Publication Date


Date of Final Oral Examination (Defense)


Type of Culminating Activity


Degree Title

Master of Arts in History



Major Advisor

Lisa M. Brady, Ph.D.


David M. Walker, Ph.D.


Leslie Alm, Ph.D.


Throughout the fourteenth and fifteenth centuries, Venice played a direct role in shaping the future of Northeastern Italy. The standing scholarship views Venetian involvement on the mainland as either an abandonment of the city’s maritime tradition or as a buffer zone against rival powers, like Milan. Venice’s western mainland empire, Terraferma, provided Venice with many commercial products that the Eastern Mediterranean did not. One mainland product, timber, was a central focus of Venetian expansion into Terraferma and has thus far been neglected by historians. This thesis argues that the Venetian Republic manipulated mainland legal traditions in order to obtain direct control over the forest resources of Terraferma.

The pressures placed upon Venice by timber shortages and rival powers in the fourteenth and fifteenth centuries instigated a departure from Venice’s passive management of mainland cities and encouraged the city to strengthen its defenses through territorial expansion and forest conservation policies. Timber acquired from Terraferma was one of the vital sinews that bound the Venetian military and mercantile machine together. In order to directly control the mainland’s timber resources, the Venetians inserted their usufructory claims into the legal traditions of mainland communities.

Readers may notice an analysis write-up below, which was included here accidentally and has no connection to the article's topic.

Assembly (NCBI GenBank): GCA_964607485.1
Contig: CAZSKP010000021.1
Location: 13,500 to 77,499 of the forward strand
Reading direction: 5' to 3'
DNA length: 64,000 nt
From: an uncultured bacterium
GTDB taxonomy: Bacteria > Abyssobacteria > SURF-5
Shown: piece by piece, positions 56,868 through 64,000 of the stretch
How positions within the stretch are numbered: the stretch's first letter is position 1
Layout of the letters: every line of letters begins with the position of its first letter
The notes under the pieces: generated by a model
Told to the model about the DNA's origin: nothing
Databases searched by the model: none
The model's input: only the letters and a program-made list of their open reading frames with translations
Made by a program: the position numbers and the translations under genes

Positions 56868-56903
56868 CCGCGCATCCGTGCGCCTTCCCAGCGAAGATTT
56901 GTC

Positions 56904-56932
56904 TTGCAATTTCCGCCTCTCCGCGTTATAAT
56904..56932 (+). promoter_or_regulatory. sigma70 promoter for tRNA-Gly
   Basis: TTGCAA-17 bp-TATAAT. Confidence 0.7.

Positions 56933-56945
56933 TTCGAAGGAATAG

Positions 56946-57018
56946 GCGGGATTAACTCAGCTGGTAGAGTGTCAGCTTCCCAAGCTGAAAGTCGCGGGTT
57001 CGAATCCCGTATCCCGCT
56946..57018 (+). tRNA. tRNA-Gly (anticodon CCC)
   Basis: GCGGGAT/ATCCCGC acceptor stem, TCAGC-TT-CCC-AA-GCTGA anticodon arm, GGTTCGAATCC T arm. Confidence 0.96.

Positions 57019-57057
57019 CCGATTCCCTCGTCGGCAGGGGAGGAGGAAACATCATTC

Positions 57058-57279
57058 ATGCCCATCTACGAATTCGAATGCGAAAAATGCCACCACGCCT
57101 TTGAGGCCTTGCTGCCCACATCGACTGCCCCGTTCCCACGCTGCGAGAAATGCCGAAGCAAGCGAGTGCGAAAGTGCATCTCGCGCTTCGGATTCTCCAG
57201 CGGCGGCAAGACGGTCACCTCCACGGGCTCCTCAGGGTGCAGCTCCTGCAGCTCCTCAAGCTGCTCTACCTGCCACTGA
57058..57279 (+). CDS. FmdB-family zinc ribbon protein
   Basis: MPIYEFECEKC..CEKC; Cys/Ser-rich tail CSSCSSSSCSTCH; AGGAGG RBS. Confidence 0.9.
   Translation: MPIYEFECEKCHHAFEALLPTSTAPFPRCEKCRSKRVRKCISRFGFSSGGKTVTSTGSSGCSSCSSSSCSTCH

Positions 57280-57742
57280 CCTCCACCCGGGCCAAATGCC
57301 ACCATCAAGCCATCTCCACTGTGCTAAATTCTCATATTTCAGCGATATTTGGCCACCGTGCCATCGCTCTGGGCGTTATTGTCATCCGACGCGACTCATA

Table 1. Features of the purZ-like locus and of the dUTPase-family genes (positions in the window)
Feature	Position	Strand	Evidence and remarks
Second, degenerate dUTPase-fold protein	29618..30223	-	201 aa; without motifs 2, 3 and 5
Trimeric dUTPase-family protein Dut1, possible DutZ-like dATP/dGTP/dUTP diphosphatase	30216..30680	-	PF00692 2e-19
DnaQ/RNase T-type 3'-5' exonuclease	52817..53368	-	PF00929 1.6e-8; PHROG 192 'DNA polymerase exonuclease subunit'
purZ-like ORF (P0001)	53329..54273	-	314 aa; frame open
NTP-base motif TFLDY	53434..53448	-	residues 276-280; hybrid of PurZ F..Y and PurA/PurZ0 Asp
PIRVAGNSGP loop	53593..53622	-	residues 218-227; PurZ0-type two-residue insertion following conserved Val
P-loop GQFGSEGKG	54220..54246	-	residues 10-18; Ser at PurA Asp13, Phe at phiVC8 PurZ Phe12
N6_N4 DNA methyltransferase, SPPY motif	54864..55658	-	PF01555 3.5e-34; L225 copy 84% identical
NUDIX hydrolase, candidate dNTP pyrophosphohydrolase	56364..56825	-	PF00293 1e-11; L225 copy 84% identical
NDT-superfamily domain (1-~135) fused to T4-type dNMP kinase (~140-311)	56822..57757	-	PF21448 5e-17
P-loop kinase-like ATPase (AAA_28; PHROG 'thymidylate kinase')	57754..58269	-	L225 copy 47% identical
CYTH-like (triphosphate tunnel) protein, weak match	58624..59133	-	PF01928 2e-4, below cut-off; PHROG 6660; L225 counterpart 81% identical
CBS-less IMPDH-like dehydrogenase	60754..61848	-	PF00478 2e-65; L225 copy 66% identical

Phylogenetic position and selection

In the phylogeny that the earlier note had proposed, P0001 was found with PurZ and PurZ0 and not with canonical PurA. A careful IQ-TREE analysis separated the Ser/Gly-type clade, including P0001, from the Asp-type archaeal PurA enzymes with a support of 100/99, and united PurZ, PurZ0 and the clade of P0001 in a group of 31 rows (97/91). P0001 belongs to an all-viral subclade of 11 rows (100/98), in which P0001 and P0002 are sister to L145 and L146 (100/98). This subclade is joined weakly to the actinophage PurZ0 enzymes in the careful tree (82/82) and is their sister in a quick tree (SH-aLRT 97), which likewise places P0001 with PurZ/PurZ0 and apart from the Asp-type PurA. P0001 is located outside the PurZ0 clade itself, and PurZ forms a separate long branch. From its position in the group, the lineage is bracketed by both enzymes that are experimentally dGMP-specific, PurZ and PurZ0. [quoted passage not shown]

Archival sources and primary histories illustrate that Venetian forest policy evolved from cordial requests for timber into legal statutes that controlled local communities’ access to timber stands. The fall of Constantinople in 1453 and Negroponte in 1471 opened a window of opportunity, into which the Venetians inserted the mainland legal concept of “right to reserve,” diritto di reserva, in order expand and formalize their legal claims to Terraferma common forestland. The promulgation of six forest laws in 1476 punctuated the development of Venetian forest law in the fifteenth century. The laws governed the usage of forest resources and placed the Venetians in direct control of all of Terraferma’s community forests.

The Venetians answered the question “Who owns the forest?” through the development of forest laws that placed timber ownership directly with a centralized government. The question easily expands into “Who owns the land, and all of its natural resources?” American natural resource managers and NGO’s continue to develop the American answer to the question. The Venetian forest narrative provides us with one possible answer to the question that elicits further conversations. Understanding Venice’s domination of mainland cities for ship-timber may also elicit further insight into how and why modern states dominate their neighbors for natural resources.